In 2 Fast 2 Furious, fan favorite Devon Aoki drives a Honda S2000 during the race hosted by Ludachris. Though she never re-appears in the films after 2 Fast she immediately makes an impression in her hot-pink anime-inspired tuner. In the film she successfully manages to make a dangerous bridge jump near the end of the race but the car also suffers minor cosmetic and radiator damage. She and the other racers then escape the finish line when the cops arrive. This car is also driven by some of Suki’s friends. It has a custom set of pink vinyls and a bottle of Nitrous behind the seats. It uses a Veilside Bodykit as was made popular by the last film. The Honda S2000 is a roadster that was manufactured by Japanese automaker Honda between 1999 and 2009. The S2000 was introduced in 1999 for the 2000 model year and was given the chassis designation of AP1. It featured a front mid-engine, rear-wheel-drive layout with power being delivered by a 1,997 cc (122 cu in) inline 4-cylinder DOHC-VTEC engine. The engine (codenamed F20C) produced outputs of 177–184 kW (237–247 hp), and 208–218 N•m (153–161 lbf•ft) depending on the target market. The engine was mated to a six-speed manual transmission and Torsen limited slip differential. The S2000 achieved what Honda claimed as “the world’s top level, high performance 4-cylinder naturally aspirated engine.”
2006 Mitsubishi Lancer Evolution IX
Prior to Lucas Black making his custom Nissan/Mustang hybrid his main car throughout the film was the 2006 Mitsubishi Lancer Evolution IX. Much less gaudy than the Evo in 2 Fast 2 Furious this red tuner was customized for hairpin turns as opposed to the “sprinter” style of that version. Mitsubishi introduced the Lancer Evolution IX in Japan on March 3, 2005, and exhibited the car at the Geneva Motor Show for the European market the same day. The North American markets saw the model exhibited at the New York International Auto Show the following month. The 2.0 L 4G63 engine has MIVEC technology (variable valve timing), and a revised turbocharger design boosting official power output at the crankshaft to 291 PS (214 kW; 287 hp) and torque to 392 N•m (289 lb•ft).
1999 Nissan Skyline GT-R
This is Paul Walker’s signature ride throughout the franchise. It’s cool, that’s why no one should have any problem whatsoever with the frequency of these cars’ appearances in the series. The new, America-friendly Nissan GT-R is brilliant (which appears in Fast Five and Furious 6), but there will always be a mystique surrounding the all-but-inaccessible predecessor. There’s both the blue model in Fast & Furious and the silver car in 2 Fast 2 Furious where the car made its debut. The Nissan Skyline GT-R is a Japanese grand tourer based on the Nissan Skyline range. The Skyline GT-R was never manufactured outside of Japan. In January 1999, Nissan introduced the fifth generation of the Skyline GT-R along with the V-Spec version. The new car has a 50% stiffer body structure and was shorter than the R33. Improvements to the engine’s valve timing and camshafts along with the ceramic turbocharger gave the engine an actual output of around 320 hp, although Nissan continued to advertise the car as having 280 hp. The 280 hp rule was a gentlemen’s agreement in the Japanese auto industry, in which they adhered to the idea of not making cars with more than 280 horsepower in order to reduce high speed accidents. The R34 GT-R was also the first GT-R to feature a 5.8 inch LCD in the center console, that provided the driver with seven digitized information regarding the car’s engine and dynamic parameters.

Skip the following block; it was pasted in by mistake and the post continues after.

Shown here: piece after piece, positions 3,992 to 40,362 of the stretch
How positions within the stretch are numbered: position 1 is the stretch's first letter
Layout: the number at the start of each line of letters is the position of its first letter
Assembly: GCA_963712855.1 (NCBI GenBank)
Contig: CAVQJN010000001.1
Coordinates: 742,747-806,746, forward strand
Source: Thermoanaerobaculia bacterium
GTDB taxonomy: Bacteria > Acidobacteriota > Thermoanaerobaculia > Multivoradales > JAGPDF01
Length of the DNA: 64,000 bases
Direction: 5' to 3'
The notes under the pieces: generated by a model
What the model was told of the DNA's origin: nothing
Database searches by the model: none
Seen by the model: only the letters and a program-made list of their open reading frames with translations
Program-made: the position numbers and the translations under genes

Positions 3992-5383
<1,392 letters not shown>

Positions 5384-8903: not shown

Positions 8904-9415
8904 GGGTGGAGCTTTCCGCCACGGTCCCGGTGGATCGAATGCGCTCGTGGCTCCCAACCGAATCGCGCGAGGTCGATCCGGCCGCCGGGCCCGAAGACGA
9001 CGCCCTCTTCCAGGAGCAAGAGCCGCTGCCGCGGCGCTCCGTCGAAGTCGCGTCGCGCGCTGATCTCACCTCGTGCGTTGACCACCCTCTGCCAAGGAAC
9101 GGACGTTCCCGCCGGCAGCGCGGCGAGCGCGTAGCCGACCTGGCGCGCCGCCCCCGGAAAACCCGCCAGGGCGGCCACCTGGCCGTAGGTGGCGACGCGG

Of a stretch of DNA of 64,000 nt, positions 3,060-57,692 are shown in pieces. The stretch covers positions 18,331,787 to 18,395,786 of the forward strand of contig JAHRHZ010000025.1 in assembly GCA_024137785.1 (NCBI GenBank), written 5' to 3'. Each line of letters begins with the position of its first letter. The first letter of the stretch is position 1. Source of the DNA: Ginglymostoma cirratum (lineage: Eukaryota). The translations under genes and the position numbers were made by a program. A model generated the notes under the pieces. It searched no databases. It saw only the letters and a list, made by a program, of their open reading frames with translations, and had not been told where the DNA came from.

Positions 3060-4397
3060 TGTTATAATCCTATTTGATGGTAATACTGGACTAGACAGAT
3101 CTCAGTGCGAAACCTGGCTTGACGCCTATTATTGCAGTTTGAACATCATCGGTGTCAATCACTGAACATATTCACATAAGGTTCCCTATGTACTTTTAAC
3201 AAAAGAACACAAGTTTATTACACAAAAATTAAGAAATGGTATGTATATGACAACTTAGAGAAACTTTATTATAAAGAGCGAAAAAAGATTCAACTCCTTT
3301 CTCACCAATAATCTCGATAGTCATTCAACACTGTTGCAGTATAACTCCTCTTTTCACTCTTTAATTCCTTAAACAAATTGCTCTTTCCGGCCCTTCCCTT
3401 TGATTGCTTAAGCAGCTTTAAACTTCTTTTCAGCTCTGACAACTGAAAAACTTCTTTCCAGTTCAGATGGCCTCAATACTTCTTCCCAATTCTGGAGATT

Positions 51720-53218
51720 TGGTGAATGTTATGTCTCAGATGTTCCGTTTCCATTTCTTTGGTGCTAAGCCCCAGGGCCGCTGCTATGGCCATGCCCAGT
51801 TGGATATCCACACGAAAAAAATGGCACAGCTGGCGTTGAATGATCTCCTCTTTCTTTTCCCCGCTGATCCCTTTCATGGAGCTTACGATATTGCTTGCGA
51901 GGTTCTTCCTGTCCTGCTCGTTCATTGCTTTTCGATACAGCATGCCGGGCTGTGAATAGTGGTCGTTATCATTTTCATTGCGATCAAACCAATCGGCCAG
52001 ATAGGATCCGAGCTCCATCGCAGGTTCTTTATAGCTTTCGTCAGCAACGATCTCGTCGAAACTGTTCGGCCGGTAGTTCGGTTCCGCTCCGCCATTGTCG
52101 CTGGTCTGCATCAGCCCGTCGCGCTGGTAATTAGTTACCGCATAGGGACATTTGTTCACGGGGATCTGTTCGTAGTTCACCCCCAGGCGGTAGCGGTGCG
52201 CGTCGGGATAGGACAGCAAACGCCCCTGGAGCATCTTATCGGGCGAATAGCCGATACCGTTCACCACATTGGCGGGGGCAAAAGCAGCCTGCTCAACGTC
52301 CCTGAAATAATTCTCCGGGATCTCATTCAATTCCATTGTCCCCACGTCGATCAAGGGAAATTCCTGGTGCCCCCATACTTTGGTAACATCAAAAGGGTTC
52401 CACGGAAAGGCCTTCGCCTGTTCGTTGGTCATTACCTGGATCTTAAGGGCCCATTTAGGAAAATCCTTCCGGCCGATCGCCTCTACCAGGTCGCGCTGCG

Michelle Rodriguez drives this car. It is shown that she outfitted the British vehicle with a supercharged American Chrysler V8 engine. It seems appropriate that the car would have a bit of an identity crisis considering the amnesiac state of Rodriguez’ character: an American Criminal now operatin in London. The Jensen Interceptor was a sporting GT-class car. Interceptors were hand-built at the Kelvin Way Factory, West Bromwich near Birmingham in England by Jensen Motors between 1966 and 1976 and had extensively used glass-reinforced plastic for the fabrication of body panels before returning to a steel body-shell. The V8 engine is speculated to provide about 280 or so horsepower and 350 pound-feet of torque make for some entertainment and the big Chrysler lump of an engine makes a great sound as heard in the film.
2011 Subaru Impreza WRX STi
The Subaru Impreza is a popular vehicle for racing enthusiasts, particularly because of its low base price. Paul Walker’s character maintains his affinity for Japanese made vehicles and is appears in this car after it was “gifted” to him by Vin Diesel’s character and uses it for a major set piece in the 7th film. Debuting at the Tokyo Auto Show in October 2007, WRX STI versions build further on the standard WRX cars. The STI was fitted with a 2.0-liter EJ207 engine with twin scroll turbocharger generating 227 kW (308 PS) and 422 N•m (311 lb•ft) of torque.
W Motors Lykan HyperSport
The Lykan HyperSport was revealed as an addition to The Fast and the Furious franchise in a big way during this as Vin Diesel’s Dom jumps the car from one skyscraper to another! The Lykan HyperSport is powered by a twin turbo flat-six 3.7-litre (3746 cc) engine from Porsche, producing 552 kW (740 bhp; 751 PS) and 960 N•m (708 lb•ft) of torque. The car is claimed to have a top speed of 385 km/h (239 mph) and accelerate from 0 to 100 km/h (0 to 62 mph) in 2.8 seconds. At $3.4 million, the Lykan HyperSport is the third most expensive car to ever be made.
Honorable Mention: Local Motors Rally Fighter Car from Fate of the Furious
In The Fate of the Furious, our hero Dom turned to the dark side by a mysterious femme fatale (Charlize Theron), shaking up the family but especially Dom’s love, Letty Ortiz (Michelle Rodriguez), the hotheaded shift-stick superheroine ready to put Dom back in his place. And to do that during a climactic showdown in Siberia she gets behind the wheel of a Local Motors Rally Fighter. You may never guess but the the Rally Fighter is completely street legal. It’s an all-wheel drive car packing a supercharged LS3 Corvette V8 engine that punches out 500 hp. The Rally Fighter is notable for being equipped with 20-inch wheels travel. All the more miraculous is that 0-60 takes 6 seconds, which was once considered impossible for a big vehicle let alone it’s top speed of 131 mph. Go get him Letty! “Ride or die!” Are we updating that?
Which car from the series was YOUR favorite? Let us know which one was your favorite and why, in the comments section below!